Walking towards hope – and creating a haven

  • English

Walking towards hope – and creating a haven

Story by Francis Rodriguez

Fary de Leon, founder and president of the wellness organization FACES, wishes to offer support to those whose lives, like hers, have been touched by cancer.

Fary de Leon, founder and president of
the wellness organization FACES, wishes
to offer support to those whose lives, like
hers, have been touched by cancer.

To be diagnosed with cancer is a significant event, one that can rob many women of joy and energy.

Steely determination is what is required in order to stand up and fight for life, literally.

So says Fary de Leon, president and founder of Latin Women Empower.

She would know.

De Leon is a cancer survivor who has sought to channel her energies into a new mission in which she helps empower other women conquer to cancer, and to do so with the positivity and hope from the support found in numbers.

As part of her work with the Latin Women Empower’s initiative ‘Faces’, De Leon not only offers assistance to women suffering from cancer, but is looking to rally the larger community.

And on Sun., Sept. 30th at 9:00 a.m., De Leon, together with thousands of supporters, will carry forth the slogan “Walking Towards a Cancer-Free Future” on banners, posters, and t-shirts – and they want others to join in.

De Leon is seeking, as was the case last year in the organization’s inaugural march, to raise awareness about the need for testing early and often.

“The early diagnosis is essential because it brings hope; the chances to survive are much greater,” explained De Leon. “This is our second Latinos Walk Against cancer and I’m really happy for the support and enthusiasm that I’m feeling. We will be starting at 145th Street and Riverside Drive and will walk all the way to Fort Tryon Park on Dyckman Street.”

De Leon, who was born in Dominican Republic and moved to the States in 1986, was diagnosed with cancer two years ago. She explained that at that time she felt lost.

Supporters of the Second Annual Walk Against Cancer, seen here in the inaugural march, will gather again this coming Sun., Sept. 30th.

Supporters of the Second Annual Walk Against
Cancer, seen here in the inaugural march, will
gather again this coming Sun., Sept. 30th.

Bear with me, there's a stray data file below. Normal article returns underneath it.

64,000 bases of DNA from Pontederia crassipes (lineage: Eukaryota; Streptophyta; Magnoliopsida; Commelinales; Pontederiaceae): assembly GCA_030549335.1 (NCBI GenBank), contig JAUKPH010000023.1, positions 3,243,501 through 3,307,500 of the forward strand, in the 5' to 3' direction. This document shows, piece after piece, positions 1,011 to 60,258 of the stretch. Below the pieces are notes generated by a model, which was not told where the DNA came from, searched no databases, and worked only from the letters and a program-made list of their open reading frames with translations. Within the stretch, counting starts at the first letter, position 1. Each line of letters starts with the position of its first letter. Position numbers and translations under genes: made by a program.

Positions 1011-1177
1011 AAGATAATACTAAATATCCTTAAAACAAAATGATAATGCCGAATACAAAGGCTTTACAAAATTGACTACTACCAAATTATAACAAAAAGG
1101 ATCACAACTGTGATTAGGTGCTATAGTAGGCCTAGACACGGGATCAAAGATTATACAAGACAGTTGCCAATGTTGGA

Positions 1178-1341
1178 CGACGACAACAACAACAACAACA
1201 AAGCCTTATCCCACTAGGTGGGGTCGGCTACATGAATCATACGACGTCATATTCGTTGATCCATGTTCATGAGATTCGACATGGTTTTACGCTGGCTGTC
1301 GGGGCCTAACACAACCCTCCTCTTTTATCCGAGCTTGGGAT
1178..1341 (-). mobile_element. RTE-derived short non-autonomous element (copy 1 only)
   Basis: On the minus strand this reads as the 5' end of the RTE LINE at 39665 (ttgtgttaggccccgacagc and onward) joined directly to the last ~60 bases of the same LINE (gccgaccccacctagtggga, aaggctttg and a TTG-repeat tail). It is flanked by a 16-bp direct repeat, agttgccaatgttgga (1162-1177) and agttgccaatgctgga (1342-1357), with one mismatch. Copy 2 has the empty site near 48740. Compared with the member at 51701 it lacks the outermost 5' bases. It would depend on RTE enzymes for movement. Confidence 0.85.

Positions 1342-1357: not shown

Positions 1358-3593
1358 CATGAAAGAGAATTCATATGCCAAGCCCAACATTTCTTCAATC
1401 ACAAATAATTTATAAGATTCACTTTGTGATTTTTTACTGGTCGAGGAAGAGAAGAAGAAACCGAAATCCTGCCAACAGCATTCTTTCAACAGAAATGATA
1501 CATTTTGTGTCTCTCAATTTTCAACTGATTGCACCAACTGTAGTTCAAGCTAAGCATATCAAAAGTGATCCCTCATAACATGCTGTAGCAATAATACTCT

“I wished I could have found an institution focused on Latinas that offered support. As Latina, I didn’t find one and that is the reason why I decided to create this organization,” said De Leon.

Last year, the march attracted approximately 3,000 people.

There were many struggling with cancer, and also many whose lives have been touched by it, including those showing support in honor of loved ones who have since passed or who still fight against the disease.

De Leon is expecting an ever greater turnout this year.

“After the past year’s march, we’ve been working harder and we need to continue to work at this level. That is the only way to get to more people,” she said.

Among those who are helping in getting the word out and lending assistance to De Leon’s efforts are Columbia University Medical Center, Ford Motor Company, the American Cancer Society, and New York State Assemblymember Guillermo Linares, whom De Leon described as one of her strongest allies.

For his part, Assemblymember Linares called the partnership “very rewarding.”

“When I met Fary de Leon, she shared with me her story as a cancer survivor and her strong desire to help others,” said Assemblymember Linares. “I felt connected immediately and valued the importance of her work. I believed then and still believe that I needed to get involved and do all in my power to help her spread the word about it and that is what I have been doing.”

The Assemblymember agreed that women, as primary caregivers, tend to lose sight of the need to visit their doctors and get tested, and often neglect regular check-ups.

“It is vital to take time for health and for education against this silent enemy,” he said.

The walk aims to raise awareness about the importance of early testing for women.

The walk aims to raise awareness about the
importance of early testing for women.

Fremio Lopez, owner of local business Sepia Printing, serves as the Vice President of the organization.

While grateful for the partnerships created, Lopez emphasized the need for more awareness, and participation.

“We still have a long way to go,” said Lopez. “We need to make our voices stronger in the community and [need] to integrate more institutions and persons to help us in this great mission.”

De Leon said the organization’s work would endure, as would its mission to help all cancer survivors and fighters, especially Latinas, find a safe haven.

“I want to offer orientation,” said De Leon, “[and] a place where you’ll share experiences. I want to say to all those women struggling with cancer and to survivors, “’You are not alone.’”

To join the Walk Against Cancer, please visit www.latinfaces.org or visit Facebook: Latin Women Empower Faces.